Thats it! Now go out there and be creative with a ND filter. There are tons of resources on the web regarding the use of ND filters and how to build filters out of different types of glass. Enjoy!

Tip:
You can use step down ring adapters and attach it to other lenses instead of re-taping a another filter onto the welder's glass.
Don't trash the packaging of your welder's glass. You can reuse it for storage of your new ND filter.
You might get more lens flare than usual as the welder's glass is not coated.
Want to use the ND filter on another lens? Just remove the tape!
Depending on the type of Welder's glass you buy, you might be able to make a 15 Stop ND filter.
Crank up the ISO to use a faster shutter speed.

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41 Comments

That's a polycarbonate lens, and they scratch too easily. A glass lens from a goggle would work fine!

A good job indeed.Thanks for helping poor photographers to save money.

Instead of a calculator, android user can get an app called ND Filter Timer.

A wonderful app to have.

I like this instructable, but I just wanted to say that its a little confusing to call it a "neutral density" filter if it has a green hue. Neutral density means that the filter affects all wavelengths equally, therefore, every color equally.

Thanks for posting it!

thanks for the comment. you're correct on how a ND filter is suppose to work. however, some of commercial ND filters esp ones over 9 or 10 stops will also have a noticeable color cast. In practice, most ND filters cannot reduce all wavelengths equally. its just some filters are not as noticeable as others.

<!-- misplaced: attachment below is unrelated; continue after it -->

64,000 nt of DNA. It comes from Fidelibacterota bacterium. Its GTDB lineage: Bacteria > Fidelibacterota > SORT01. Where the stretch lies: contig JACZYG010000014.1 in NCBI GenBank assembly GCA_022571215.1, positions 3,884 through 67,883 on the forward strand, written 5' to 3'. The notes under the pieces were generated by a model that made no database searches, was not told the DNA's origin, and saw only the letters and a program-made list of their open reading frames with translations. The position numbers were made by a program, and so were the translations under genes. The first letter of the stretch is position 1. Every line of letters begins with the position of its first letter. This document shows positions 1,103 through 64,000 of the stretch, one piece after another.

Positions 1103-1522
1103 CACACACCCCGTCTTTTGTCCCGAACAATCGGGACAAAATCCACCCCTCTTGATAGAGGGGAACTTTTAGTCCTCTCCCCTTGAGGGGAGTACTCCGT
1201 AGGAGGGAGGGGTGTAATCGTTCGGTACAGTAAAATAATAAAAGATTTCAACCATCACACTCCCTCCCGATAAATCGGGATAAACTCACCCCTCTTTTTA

I have tryed this welding glass myself, first problem was getting the glass cut into a circle to match with a 58mm adjustment ring, so called into a glass company that makes stained glass windows, they cut two welding glass filters to near enough a perfect fit for the 58mm ring in just a few minutes and never even charged me. attached them to the rings with a black sealant, a 8 shade witch works out as a 10 stop, and a 10 shade witch is a 12.48 stop. then to get rid of the green colour cast i made a custom white balance with a white card, when i took the shot i opened it in raw file in photoshop cs6, ( for this to work right you have to open it in raw file ) and with the white balance eyedrop tool i just clicked it on the skyline of the photo, the green colour cast was gone, then it was just a mater of messing around with the sliders to get the right colour balance and temperature. so at the end of the day the only money i was out was, £2.80p for two welding glass filters and around £3.00 for the adjustment ring. so i now have two filters for long exposure, a 10 stop and a 12.48 stop for just £5.80p

So I created my ND filter using the welder's glass/lens shade green #10, but my pictures are coming out highly saturated in green. Have I missed a step in this process? If so, how can I correct it?! Thanks in advance for the help.

P.S. Here are the items I used: shade green #10 glass, Tiffen UV protection filter to attach my welder's glass to, and electrical tape.

See step 7:

"Most likely you will need to tweak the white balance and tint. Since the welder's glass is slightly green, you will need to compensate this green tint."

Just open your photo in your favorite photo editor (Photoshop, Paint.net, GIMP, etc) and you can reduce the amount of "green" in the photo.

This is a fantastic Idea! I glued my welders glass to a cokin adapter (the screw in part that attaches to the lens) I got on ebay for less than $2... It will be nice to have a removable ones as well to use on my other lenses!

It might be easier to use cokin adapters and tape the glass to that. It's flat around the edges, so the taping would probably be easier... I'll have to get another glass and try it!

sounds good!

cokin adapter should work well.